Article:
Peach Bottom: Relief Request I5R-06

Peach Bottom Atomic Power Station, Units 2 and 3 - Request for Additional Information - Relief Request I5R-06   (EPID L-2017-LLR-0059)

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Peach Bottom: Relief Request I5R-05

Subject:  Peach Bottom Atomic Power Station, Units 2 and 3 - Request for Additional Information - Relief Request I5R-05 (EPID L-2018-LLR-0058)

ADAMS Accession No. ML18226A201

NRC says manufacturing flaws 'negligible', plant shutdowns not necessary

In its petition to the NRC, Beyond Nuclear cited the potential defects in nuclear reactor components manufactured by AREVA-Le Creusot Forge (ACF). The defects involve flaws in the steel manufacturing process that result in carbon macrosegregation, a condition marked by excess carbon that can make the metal brittle and subject to sudden fracture or tearing under high pressure.
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Susquehanna: Inspection Report

Susquehanna Steam Electric Station - Integrated Inspection Report 05000387/2018002 and 05000388/2018002

ADAMS Accession No.  ML18221A500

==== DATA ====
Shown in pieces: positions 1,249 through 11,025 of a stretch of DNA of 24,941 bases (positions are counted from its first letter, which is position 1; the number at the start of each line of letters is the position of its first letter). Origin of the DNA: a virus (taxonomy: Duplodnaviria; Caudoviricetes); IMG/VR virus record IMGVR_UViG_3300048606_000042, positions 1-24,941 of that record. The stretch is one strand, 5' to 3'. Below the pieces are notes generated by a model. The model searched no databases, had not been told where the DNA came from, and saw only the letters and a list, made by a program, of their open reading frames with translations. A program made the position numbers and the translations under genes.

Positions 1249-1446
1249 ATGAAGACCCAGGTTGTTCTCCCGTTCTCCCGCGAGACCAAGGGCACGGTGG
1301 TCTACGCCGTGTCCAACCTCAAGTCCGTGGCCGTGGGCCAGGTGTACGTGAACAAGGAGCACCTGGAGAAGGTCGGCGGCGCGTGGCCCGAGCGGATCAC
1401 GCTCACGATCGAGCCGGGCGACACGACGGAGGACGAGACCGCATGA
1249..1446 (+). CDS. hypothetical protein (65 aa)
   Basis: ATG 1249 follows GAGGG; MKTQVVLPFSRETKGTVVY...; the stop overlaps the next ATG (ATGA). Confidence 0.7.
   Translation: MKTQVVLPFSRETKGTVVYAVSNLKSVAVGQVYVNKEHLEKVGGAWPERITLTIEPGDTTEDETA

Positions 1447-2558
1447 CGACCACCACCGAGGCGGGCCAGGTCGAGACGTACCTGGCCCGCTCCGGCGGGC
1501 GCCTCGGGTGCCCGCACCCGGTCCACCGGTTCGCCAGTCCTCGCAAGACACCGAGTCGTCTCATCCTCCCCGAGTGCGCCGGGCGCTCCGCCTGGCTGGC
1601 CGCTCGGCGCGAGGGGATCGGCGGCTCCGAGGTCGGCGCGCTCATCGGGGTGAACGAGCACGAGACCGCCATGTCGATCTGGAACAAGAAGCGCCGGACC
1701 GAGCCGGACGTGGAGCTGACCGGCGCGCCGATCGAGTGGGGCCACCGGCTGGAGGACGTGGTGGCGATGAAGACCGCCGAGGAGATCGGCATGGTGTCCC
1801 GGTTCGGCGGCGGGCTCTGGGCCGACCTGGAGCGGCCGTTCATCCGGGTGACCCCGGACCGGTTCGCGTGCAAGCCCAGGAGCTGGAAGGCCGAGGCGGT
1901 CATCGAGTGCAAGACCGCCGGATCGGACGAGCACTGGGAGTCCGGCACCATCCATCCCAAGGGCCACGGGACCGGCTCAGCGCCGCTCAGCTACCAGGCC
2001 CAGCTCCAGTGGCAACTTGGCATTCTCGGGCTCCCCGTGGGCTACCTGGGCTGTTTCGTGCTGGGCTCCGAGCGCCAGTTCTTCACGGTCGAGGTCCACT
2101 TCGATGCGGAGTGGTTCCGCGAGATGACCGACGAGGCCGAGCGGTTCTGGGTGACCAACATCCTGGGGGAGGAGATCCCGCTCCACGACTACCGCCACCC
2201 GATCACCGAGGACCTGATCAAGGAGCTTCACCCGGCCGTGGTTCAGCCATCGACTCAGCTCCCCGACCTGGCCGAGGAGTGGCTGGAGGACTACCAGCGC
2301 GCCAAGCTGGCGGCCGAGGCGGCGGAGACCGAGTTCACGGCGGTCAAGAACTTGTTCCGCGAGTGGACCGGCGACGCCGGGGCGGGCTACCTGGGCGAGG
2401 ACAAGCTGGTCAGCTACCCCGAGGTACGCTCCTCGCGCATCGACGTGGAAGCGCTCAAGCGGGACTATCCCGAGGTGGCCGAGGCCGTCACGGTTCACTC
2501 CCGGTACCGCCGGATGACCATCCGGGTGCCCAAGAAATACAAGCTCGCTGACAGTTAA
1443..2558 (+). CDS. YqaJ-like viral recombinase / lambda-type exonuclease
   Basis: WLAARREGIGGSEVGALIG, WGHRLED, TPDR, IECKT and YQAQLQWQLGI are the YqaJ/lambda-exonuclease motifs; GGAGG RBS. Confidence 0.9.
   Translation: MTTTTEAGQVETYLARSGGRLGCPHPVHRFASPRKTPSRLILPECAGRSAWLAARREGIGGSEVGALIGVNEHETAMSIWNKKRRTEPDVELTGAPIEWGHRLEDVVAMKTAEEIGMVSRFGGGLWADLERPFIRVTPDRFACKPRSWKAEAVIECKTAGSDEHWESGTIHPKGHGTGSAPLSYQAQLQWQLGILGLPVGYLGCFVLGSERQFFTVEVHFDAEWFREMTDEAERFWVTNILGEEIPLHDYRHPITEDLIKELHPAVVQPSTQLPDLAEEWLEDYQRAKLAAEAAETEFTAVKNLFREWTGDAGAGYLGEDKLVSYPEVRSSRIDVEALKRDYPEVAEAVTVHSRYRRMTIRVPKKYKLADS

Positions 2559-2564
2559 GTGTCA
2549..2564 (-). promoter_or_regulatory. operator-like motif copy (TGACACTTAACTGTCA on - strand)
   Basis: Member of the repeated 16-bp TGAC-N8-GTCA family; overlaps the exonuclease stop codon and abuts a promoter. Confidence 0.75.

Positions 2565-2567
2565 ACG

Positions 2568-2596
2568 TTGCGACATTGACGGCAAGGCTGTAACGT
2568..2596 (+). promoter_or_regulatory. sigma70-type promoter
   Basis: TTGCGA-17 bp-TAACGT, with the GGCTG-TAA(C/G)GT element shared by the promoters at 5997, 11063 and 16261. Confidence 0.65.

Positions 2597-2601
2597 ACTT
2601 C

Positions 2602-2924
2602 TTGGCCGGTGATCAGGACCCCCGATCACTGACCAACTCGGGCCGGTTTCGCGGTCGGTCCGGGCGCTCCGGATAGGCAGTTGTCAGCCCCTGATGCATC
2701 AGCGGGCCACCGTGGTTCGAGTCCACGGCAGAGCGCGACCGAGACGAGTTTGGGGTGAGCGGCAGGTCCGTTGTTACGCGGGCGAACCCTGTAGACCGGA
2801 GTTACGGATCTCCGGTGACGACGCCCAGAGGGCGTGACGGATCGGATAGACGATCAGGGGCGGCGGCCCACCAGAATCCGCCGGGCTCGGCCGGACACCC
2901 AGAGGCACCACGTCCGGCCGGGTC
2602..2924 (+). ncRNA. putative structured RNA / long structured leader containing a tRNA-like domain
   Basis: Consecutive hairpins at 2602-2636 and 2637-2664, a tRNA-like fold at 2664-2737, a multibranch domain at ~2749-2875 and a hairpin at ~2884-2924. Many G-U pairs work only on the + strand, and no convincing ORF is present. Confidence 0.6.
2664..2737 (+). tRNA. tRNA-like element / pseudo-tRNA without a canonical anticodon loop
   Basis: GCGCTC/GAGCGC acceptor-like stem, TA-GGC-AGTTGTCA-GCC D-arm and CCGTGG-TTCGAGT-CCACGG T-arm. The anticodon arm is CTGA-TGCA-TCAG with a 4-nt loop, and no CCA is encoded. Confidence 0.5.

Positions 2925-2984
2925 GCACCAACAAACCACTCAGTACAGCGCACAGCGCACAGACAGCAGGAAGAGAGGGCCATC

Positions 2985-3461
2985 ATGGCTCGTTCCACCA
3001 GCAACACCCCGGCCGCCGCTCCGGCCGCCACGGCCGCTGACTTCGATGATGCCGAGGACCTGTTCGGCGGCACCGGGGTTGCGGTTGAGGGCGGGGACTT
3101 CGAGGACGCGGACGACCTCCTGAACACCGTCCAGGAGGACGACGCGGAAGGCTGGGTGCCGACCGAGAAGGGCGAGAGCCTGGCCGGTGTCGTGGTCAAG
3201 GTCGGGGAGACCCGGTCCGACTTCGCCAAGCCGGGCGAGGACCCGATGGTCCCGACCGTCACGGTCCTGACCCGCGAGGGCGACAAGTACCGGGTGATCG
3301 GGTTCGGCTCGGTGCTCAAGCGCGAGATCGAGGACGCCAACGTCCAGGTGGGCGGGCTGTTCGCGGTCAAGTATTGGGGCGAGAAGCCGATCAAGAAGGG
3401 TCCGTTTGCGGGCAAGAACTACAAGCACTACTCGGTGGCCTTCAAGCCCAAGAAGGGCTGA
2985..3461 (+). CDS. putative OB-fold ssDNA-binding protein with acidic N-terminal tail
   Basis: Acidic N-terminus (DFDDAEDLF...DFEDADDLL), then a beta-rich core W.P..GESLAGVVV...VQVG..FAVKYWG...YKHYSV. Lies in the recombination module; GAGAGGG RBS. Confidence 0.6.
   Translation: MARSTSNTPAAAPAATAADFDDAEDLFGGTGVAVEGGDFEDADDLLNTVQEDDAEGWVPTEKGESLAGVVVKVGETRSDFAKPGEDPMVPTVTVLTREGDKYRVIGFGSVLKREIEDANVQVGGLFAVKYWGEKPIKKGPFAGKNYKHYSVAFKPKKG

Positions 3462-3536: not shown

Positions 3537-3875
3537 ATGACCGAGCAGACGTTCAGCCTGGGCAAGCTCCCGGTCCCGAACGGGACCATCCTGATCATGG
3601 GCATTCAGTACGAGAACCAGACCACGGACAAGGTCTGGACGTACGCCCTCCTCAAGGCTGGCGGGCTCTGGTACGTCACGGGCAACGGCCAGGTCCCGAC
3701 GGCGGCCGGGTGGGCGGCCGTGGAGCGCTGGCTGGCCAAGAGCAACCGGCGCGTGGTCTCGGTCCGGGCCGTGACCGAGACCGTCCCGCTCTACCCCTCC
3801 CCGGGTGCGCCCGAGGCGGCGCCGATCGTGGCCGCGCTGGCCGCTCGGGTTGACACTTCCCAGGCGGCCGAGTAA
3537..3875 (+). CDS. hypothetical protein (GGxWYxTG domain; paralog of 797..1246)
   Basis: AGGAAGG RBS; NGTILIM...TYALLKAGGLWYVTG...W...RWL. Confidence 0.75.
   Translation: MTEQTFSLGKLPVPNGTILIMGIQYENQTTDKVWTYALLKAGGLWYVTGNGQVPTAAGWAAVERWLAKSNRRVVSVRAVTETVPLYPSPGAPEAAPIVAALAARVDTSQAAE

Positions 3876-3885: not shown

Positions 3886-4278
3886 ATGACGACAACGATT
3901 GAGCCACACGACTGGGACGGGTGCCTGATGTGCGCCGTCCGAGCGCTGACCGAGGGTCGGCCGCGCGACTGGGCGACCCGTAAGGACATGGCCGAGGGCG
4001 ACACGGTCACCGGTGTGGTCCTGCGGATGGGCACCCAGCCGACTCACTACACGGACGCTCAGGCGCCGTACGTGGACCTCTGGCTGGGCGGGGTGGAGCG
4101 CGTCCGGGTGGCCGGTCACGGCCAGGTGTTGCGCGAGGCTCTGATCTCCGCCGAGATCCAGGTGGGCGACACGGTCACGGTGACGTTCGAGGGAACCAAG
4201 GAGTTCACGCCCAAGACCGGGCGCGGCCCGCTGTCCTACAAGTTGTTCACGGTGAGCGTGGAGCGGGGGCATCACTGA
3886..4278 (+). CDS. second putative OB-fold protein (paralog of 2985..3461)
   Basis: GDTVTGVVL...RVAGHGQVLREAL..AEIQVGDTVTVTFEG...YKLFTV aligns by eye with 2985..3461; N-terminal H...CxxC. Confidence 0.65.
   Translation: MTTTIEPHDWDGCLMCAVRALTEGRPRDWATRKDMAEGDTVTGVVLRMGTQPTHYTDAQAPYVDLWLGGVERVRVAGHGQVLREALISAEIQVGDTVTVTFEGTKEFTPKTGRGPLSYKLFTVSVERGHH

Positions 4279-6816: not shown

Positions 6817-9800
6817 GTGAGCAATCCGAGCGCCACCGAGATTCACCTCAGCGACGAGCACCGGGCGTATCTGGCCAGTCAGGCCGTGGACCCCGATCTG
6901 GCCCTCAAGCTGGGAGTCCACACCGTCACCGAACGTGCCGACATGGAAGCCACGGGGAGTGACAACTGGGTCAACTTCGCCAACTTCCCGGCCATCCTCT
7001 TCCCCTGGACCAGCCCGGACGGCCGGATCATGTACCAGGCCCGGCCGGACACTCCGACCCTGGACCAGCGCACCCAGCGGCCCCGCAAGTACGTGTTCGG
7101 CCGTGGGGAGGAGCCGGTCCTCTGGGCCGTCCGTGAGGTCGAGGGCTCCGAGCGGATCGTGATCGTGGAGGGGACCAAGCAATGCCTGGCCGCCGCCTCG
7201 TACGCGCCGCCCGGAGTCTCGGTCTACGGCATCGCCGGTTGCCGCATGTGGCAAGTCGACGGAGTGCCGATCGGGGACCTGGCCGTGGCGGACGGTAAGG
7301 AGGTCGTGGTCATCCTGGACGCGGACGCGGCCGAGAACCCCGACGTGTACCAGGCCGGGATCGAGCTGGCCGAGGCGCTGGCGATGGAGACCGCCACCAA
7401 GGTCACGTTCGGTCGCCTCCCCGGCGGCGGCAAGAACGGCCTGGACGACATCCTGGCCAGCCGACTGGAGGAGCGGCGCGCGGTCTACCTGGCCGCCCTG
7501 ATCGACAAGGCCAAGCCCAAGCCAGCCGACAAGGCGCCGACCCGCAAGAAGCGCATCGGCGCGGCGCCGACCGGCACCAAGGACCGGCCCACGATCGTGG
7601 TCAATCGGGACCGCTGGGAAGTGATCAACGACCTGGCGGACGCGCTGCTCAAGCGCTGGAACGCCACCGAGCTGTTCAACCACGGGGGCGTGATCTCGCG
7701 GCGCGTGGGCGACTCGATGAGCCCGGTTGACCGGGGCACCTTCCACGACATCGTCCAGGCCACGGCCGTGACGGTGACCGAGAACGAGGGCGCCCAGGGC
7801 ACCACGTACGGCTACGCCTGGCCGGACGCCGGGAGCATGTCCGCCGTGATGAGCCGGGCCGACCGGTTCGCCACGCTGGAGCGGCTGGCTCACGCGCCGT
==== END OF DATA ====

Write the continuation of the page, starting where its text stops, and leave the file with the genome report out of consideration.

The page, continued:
Wednesday, August 8, 2018

TMI, Peach Bottom: Staff Qualification Requirements Ammendments

Braidwood, Byron, Calvert Cliffs, Clinton, Dresden, FitzPatrick, LaSalle, Limerick, Nine Mile, Peach Bottom, Quad Cities, Ginna, Three Mile Island - Issuance Of Amendments to Relocate the Staff Qualification Requirements (EPID L-2018-LLA-0053)

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Department of Health and Department of Environmental Protection Report First Human Case of West Nile Virus in Pennsylvania in 2018

COMMONWEALTH OF PENNSYLVANIA
Dept. of Environmental Protection

Commonwealth News Bureau
Room 308, Main Capitol Building
Harrisburg PA., 17120


FOR IMMEDIATE RELEASE
07/27/2018

CONTACT:
Nate Wardle, DOH
717-787-1783
Neil Shader, DEP
717-787-1323


Department of Health and Department of Environmental Protection Report First Human Case of West Nile Virus in Pennsylvania in 2018
Pennsylvanians Reminded to Take Steps to Avoid Infection


Harrisburg, PA - Pennsylvania’s first probable human case of West Nile Virus (WNV) infection in 2018 has been detected in an Allegheny County resident. Samples are being sent to the Centers for Disease Control and Prevention for confirmatory testing. The Departments of Health and Environmental Protection strongly recommend that all residents minimize their exposure to mosquitoes.